Globalization

There is little doubt that with the introduction of the internet came a sea of change in terms of how businesses compete.  Seemingly overnight, the competitive landscape became broader than ever before as globalization became a real force that companies had to contend with. Just as the buying market grew, so too did the selling market, creating more aggressive competition than companies had historically ever before faced. Competition that was once only found down the street, or at most in the same geographical region, was now found across the world. The emergence of the internet made global competition a reality that could no longer be ignored. 

In order to understand the full effects of globalization for a business, it’s important to be aware of how advancements in the way knowledge and information are transferred and shared have dramatically increased the amount of ongoing change that companies now face. The continued evolution of the internet, faster shipping services, technological advancements, and faster production methods have led to both greater innovation and lower costs for products and services

Where businesses were previously able to drive and implement changes on their own timetable, globalization is creating competitive forces that are now pushing organizations to become much more nimble in order to survive.  They are adapting to this new landscape by embracing ways to become more efficient in their business operations and more agile in response to shifting market demands.

Two disciplines in particular that have come to the forefront in facilitating this adaptation are being applied across all sized companies to assist them in managing the competitive forces of globalization.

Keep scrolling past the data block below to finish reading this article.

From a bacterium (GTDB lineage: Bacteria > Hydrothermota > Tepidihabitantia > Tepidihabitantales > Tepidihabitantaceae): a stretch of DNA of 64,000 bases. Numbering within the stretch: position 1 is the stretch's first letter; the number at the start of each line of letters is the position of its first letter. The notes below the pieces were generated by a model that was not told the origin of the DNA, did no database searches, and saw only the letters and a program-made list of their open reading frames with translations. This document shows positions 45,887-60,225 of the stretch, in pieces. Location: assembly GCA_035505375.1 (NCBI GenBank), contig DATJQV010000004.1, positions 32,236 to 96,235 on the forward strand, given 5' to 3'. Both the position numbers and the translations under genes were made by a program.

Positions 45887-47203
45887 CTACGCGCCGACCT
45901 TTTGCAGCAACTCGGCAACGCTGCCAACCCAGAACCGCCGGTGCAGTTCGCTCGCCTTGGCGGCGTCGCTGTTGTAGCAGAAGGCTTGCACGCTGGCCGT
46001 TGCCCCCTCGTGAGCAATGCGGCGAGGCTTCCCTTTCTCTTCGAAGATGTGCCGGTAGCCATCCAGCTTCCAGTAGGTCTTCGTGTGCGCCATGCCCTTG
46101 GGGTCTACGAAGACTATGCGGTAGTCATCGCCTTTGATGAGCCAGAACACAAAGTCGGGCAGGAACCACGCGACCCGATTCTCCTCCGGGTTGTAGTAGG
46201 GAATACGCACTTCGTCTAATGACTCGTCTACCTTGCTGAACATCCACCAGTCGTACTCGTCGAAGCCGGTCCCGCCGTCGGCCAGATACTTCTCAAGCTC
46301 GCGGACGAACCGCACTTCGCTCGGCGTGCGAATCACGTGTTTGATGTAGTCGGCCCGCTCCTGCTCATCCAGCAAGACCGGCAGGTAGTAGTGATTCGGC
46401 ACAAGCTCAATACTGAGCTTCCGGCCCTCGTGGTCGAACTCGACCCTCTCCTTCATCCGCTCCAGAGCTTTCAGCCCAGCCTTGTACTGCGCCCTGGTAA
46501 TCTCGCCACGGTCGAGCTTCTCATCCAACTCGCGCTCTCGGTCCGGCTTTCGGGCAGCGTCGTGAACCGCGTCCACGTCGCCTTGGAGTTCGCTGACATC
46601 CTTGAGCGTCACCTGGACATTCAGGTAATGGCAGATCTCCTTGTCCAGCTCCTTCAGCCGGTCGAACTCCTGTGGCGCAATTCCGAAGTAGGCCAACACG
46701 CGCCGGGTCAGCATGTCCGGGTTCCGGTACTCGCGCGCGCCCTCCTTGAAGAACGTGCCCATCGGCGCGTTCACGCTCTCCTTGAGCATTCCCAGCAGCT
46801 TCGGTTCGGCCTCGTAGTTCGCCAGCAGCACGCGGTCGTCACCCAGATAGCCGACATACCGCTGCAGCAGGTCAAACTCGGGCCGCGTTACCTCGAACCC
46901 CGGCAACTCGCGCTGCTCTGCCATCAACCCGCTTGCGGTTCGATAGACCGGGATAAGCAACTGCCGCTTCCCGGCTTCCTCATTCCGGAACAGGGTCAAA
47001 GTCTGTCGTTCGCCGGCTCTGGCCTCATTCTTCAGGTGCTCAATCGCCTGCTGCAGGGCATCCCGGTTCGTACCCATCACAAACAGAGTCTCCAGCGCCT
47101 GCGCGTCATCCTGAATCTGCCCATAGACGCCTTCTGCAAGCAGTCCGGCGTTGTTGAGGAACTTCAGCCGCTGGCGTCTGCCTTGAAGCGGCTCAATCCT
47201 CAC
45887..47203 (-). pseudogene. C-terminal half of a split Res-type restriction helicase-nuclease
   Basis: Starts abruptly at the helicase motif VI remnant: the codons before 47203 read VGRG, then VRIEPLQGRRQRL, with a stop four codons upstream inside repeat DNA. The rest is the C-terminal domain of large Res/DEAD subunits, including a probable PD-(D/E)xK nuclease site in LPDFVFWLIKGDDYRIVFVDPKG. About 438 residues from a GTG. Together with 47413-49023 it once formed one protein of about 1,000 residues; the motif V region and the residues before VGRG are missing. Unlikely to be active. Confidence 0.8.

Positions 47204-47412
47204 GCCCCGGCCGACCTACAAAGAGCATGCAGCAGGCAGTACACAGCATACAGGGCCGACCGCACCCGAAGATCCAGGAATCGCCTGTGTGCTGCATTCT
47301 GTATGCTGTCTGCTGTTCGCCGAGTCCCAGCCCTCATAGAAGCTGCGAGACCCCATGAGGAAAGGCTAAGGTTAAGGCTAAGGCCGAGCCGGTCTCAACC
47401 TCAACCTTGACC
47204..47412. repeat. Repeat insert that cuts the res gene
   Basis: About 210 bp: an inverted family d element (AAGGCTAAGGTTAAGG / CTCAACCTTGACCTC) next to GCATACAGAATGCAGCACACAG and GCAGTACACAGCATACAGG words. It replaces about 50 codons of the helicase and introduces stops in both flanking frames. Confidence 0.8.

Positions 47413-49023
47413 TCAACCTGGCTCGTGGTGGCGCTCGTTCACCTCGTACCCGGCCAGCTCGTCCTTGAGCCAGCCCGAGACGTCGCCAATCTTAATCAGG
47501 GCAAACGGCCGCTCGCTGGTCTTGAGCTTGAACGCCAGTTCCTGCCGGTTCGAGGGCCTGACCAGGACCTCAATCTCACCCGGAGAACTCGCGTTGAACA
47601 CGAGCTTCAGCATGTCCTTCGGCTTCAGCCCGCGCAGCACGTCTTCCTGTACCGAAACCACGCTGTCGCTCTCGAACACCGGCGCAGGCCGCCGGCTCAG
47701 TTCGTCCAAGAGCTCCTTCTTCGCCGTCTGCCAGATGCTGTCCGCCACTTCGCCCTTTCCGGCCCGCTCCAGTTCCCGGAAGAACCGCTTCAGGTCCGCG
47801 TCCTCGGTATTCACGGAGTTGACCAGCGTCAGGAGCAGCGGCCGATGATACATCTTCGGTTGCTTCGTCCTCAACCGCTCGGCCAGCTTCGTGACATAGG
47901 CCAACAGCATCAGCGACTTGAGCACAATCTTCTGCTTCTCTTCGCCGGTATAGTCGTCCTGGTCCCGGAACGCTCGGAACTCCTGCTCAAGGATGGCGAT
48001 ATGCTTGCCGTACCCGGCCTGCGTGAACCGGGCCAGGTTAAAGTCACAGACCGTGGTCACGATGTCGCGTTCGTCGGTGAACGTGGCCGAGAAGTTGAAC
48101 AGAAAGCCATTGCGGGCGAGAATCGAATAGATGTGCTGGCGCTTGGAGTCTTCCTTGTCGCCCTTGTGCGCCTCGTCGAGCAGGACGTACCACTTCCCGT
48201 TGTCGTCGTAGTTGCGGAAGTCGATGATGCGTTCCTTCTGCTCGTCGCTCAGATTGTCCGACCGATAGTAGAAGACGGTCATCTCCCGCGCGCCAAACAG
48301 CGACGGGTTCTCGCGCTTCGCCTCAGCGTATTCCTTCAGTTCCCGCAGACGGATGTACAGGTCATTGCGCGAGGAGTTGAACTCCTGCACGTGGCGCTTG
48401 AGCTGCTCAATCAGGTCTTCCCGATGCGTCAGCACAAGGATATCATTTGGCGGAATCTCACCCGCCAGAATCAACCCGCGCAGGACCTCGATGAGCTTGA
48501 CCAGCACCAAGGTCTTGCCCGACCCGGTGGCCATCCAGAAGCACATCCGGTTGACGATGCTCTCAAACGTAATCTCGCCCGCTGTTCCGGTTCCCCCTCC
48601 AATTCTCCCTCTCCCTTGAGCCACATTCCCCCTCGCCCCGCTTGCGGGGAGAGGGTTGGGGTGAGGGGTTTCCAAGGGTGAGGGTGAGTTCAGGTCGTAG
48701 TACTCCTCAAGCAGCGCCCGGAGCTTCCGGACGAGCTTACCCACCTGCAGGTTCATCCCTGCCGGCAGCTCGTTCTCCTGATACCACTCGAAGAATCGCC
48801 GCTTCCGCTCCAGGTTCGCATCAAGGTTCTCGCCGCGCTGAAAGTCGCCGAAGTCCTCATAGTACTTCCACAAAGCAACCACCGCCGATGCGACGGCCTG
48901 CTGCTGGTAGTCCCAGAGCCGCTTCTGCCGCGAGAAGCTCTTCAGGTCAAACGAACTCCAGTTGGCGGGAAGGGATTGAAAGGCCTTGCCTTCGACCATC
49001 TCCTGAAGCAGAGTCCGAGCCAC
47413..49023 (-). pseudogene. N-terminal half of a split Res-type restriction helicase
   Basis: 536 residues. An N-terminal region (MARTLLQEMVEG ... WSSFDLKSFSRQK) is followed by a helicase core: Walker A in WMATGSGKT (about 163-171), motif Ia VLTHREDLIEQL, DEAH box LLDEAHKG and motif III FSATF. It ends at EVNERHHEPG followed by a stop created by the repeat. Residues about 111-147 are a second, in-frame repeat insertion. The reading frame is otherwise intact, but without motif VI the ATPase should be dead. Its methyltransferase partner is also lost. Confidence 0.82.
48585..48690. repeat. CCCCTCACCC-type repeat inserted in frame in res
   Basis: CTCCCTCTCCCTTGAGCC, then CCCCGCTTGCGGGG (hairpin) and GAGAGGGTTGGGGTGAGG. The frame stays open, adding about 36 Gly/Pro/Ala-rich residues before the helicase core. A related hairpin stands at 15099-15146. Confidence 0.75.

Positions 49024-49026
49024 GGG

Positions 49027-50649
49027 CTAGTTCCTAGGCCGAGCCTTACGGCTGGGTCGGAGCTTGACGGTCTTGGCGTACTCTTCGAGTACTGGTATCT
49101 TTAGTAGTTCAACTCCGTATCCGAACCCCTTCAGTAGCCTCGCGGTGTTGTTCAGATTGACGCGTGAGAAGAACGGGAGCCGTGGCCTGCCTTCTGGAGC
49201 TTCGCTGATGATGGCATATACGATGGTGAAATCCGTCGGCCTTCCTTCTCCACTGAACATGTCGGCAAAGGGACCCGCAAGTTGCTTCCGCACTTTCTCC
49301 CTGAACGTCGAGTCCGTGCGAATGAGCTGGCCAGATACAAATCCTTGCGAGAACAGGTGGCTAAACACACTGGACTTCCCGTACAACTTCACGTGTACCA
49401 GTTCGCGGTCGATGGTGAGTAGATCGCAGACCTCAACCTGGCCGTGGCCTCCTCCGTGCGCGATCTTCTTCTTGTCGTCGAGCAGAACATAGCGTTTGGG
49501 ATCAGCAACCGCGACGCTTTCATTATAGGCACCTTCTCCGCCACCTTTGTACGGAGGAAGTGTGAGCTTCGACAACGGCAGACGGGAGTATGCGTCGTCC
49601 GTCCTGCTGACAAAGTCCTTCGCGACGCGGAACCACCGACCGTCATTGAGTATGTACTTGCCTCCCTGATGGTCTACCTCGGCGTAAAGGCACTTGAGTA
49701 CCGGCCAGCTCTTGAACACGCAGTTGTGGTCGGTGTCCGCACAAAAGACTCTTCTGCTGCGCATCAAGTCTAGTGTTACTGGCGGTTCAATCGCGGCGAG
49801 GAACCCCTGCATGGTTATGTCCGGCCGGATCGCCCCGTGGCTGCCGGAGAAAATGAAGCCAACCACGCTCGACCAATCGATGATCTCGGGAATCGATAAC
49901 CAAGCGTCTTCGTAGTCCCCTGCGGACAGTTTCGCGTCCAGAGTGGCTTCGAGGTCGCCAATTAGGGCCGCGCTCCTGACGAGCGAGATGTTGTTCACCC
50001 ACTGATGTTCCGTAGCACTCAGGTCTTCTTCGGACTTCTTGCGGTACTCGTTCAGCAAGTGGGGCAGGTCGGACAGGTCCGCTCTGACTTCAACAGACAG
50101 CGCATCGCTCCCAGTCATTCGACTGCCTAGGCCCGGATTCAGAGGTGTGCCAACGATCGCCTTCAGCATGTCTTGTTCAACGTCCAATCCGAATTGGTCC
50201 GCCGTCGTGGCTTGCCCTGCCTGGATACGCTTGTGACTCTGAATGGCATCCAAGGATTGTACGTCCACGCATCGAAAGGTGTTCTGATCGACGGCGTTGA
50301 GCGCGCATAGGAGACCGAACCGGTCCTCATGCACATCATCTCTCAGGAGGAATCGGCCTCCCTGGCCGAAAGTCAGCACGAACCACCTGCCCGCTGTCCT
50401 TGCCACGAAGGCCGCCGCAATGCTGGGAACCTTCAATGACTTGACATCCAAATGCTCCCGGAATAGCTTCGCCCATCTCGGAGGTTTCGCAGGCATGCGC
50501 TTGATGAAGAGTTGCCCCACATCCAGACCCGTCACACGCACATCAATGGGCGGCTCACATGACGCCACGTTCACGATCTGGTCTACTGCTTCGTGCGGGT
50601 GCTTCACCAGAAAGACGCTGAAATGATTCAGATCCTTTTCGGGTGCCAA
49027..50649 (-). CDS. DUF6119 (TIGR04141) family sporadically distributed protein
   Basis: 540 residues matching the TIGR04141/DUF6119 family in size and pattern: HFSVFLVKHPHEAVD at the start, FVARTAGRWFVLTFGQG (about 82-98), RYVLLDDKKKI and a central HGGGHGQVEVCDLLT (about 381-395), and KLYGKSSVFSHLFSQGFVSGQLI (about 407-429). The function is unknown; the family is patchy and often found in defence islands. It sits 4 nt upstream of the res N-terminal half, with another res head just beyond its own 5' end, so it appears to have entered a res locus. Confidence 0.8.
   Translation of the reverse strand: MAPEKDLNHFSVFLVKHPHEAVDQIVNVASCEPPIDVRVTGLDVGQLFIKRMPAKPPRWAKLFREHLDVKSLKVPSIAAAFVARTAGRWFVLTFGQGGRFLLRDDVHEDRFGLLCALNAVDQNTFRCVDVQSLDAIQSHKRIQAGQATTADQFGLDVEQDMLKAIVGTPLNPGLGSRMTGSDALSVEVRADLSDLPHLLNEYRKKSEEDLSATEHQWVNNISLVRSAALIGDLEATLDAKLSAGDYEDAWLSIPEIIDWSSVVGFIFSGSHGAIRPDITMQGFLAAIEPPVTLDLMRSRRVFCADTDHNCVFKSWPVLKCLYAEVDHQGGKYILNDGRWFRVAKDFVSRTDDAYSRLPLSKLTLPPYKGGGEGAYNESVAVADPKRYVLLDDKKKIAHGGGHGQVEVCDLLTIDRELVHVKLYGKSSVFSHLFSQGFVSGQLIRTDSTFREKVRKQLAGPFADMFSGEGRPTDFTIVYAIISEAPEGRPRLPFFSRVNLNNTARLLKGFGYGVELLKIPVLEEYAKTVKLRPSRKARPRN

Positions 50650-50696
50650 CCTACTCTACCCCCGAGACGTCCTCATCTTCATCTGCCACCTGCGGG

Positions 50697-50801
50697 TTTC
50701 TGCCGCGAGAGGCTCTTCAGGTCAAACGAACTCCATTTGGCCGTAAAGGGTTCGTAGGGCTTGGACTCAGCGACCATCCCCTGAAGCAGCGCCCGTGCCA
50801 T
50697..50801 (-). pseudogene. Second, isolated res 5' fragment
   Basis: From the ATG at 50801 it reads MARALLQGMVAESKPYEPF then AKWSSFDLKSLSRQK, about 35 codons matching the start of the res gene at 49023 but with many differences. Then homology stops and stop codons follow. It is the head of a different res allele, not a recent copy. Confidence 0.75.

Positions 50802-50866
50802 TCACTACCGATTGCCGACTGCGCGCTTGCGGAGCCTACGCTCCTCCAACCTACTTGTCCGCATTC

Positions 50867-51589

Enterprise Content Management (ECM)

  • Using a broad definition, ECM is a practice that is focused on the capture, management, storage, preservation, and delivery of content across an organization.   It is the management of a company’s unstructured information, in both paper and electronic form, such as business records, e-mails, contracts, etc. 

  • ECM allows organizations instant and secure access to important information relating to their business processes so that companies can be more effective and efficient in their daily work and also compliant with the required regulations.

  • For example, consider a contract dispute that arises during the renegotiation of terms.  This has the potential to negatively impact revenues if a customer is lost over it and also has the potential for negative legal ramifications depending upon the nature of the dispute.  If a company has easy access to the original contract, along with any and all related versions and supporting documents, the dispute can typically be resolved quickly and easily.  However, if any of the documents were lost or worse have been destroyed, the outcome is not likely to be as good.  With ECM properly in place, the legal risk will be mitigated and the possibility of business being lost to competition will be greatly reduced because the complications associated with missing contracts will have been eliminated.
 

Business Process Management (BPM)

  • BPM can be understood as an approach to achieve maximum efficiency within a company’s business processes.  The function of BPM is often systematic in nature and includes the following phases:  Define, Analyze, Model, Automate, Manage, Optimize, and Continually Improve.  The goal of BPM is to reach Operational Excellence, in that a company can derive maximum value from its business processes with the minimum amount of resources required, in essence becoming as nimble and streamlined as possible.
  • With the removal of inefficiencies often found in traditional business processes, BPM enables organizations to minimize cost expenditures, streamline operations and generally react much more quickly to changes in the marketplace, resulting in a quantifiable competitive advantage. 
 

 

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